Alice in Wonderland and Philosophy Review
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Is Alice in Wonderland simply a fantastic children’s tale? Is it a result of author Lewis Carroll’s madness or opium addiction? No, according to some academics, there’s a lot more. In fact, philosophy professors Richard Brian Davis and William Irwin claim that this story carries the codes to unlock one’s personal identity. In order to convince readers, they’ve compiled fourteen essays from philosophy instructors to English professors in Alice in Wonderland and Philosophy: Curiouser and Curiouser.

Each of the fourteen writers presents a philosophical topic or question, illustrating it through the Alice in Wonderland story. Why do we procrastinate? Why do tedious daily activities add up to a satisfying day? How is Alice a prime example of good inductive reasoning? What is the role of language and memory? What is time, and how can we measure the past and the future? Each writer also ties in the ideas of philosophers like Socrates, Plato, St. Augustine, Immanuel Kant, David Hume, Friedrich Nietzsche, and 20th century philosophers such as Donald Davidson.

Lewis Carroll was a mathematician and logician, and, in the essay “Serious Nonsense,” his work is looked at as a series of philosophical puzzles. The essay “Unruly Alice” demonstrates how Carroll was challenging the role of women in Victorian England. “How Deep Does the Rabbit-Hole Go?” questions what makes up a person’s reality and the role of drugs in seeking the true meaning of life. “Nuclear Strategists in Wonderland” discusses the nuclear paradox and the power of propaganda, as when the Queen of Hearts exaggerates the power of the enemy.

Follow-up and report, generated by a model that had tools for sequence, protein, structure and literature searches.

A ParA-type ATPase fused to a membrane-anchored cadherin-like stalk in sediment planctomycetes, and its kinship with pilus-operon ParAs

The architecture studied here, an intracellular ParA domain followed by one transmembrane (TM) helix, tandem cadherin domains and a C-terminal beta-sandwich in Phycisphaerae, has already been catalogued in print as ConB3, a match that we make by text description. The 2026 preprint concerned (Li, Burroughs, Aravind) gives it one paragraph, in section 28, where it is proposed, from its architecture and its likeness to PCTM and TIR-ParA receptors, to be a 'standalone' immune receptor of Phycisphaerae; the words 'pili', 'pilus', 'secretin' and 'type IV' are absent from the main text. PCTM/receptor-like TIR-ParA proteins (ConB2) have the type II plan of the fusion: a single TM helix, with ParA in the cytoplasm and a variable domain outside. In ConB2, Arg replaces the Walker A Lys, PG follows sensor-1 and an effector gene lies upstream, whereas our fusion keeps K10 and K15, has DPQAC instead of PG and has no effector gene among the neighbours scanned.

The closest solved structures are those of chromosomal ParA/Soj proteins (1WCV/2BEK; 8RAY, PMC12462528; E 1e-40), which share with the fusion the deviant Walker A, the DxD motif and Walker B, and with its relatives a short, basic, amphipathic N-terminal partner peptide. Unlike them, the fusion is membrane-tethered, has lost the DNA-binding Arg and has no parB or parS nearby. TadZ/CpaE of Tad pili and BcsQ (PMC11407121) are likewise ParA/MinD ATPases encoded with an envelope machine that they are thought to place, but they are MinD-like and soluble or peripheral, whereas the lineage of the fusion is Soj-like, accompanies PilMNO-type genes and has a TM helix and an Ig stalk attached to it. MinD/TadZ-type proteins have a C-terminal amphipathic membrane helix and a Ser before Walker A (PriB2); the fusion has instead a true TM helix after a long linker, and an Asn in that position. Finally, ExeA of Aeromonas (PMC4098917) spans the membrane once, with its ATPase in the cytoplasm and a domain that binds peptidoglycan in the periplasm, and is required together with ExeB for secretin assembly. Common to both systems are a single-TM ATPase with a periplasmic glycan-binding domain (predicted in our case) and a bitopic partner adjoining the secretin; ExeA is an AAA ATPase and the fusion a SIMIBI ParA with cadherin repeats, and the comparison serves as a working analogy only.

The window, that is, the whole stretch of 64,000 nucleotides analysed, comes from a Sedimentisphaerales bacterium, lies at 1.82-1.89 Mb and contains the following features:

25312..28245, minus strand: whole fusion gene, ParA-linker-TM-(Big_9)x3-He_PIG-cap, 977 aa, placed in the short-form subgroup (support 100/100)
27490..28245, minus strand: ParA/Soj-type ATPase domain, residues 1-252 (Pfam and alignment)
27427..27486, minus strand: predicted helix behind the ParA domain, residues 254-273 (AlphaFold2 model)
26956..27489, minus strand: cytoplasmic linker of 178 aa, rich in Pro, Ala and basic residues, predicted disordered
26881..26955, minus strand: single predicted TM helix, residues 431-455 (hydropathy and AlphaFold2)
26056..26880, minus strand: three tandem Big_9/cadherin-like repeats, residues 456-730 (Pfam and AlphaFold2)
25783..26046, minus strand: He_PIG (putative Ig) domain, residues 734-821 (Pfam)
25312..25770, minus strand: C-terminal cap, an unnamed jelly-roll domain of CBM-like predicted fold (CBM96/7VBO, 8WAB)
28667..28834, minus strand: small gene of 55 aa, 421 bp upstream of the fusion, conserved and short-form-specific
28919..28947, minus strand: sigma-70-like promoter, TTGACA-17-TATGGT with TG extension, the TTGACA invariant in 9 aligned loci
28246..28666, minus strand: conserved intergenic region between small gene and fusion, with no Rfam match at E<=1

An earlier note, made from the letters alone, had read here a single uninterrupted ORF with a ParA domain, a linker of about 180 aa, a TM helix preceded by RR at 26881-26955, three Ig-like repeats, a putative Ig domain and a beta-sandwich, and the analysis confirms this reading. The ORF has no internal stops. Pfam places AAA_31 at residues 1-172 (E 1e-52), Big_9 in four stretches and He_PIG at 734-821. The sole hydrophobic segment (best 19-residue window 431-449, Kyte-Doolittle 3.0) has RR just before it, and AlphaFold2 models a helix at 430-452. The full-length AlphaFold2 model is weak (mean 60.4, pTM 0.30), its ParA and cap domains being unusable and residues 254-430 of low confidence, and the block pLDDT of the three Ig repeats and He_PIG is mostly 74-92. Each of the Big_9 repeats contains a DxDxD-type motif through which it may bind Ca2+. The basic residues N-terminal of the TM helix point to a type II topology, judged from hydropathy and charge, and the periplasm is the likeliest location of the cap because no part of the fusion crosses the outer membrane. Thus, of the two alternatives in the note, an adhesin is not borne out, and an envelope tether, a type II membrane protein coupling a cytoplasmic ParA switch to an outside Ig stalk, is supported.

The essays in Alice in Wonderland and Philosophy were written for an educated audience, but there were no assumptions that the reader had ever studied philosophy. In fact, the authors have written their essays in such an entertaining and relatable manner that it’s difficult not to at least consider their points of view.

Now, I’m not a big Alice in Wonderland fan, and, through the years, I’ve become more inclined to take things at face value, as opposed to looking for a deeper meaning. This book may change that, though. I can’t even begin to pick a favorite essay; there are quite a few. Let’s just say that I enjoyed reflecting on each writer’s interpretations, and each piece forced me to mull over these seemingly simple questions of life. Since reading this book, I’ve found myself looking beyond the obvious—which, in some cases, may wind up getting me in trouble.

Alice in Wonderland and Philosophy is a part of the Blackwell Philosophy and Pop Culture Series. Its goal is to take philosophy out of the “ivory tower” of academia and show that it’s relevant to our lives. The writers have succeeded in accomplishing this—at least in this book.

The series began with South Park and Philosophy and continues to includes more movie and television titles (check out for a complete listing). There’s even a Metallica and Philosophy book. I’ll have to pick that one up. This series could definitely become addictive.

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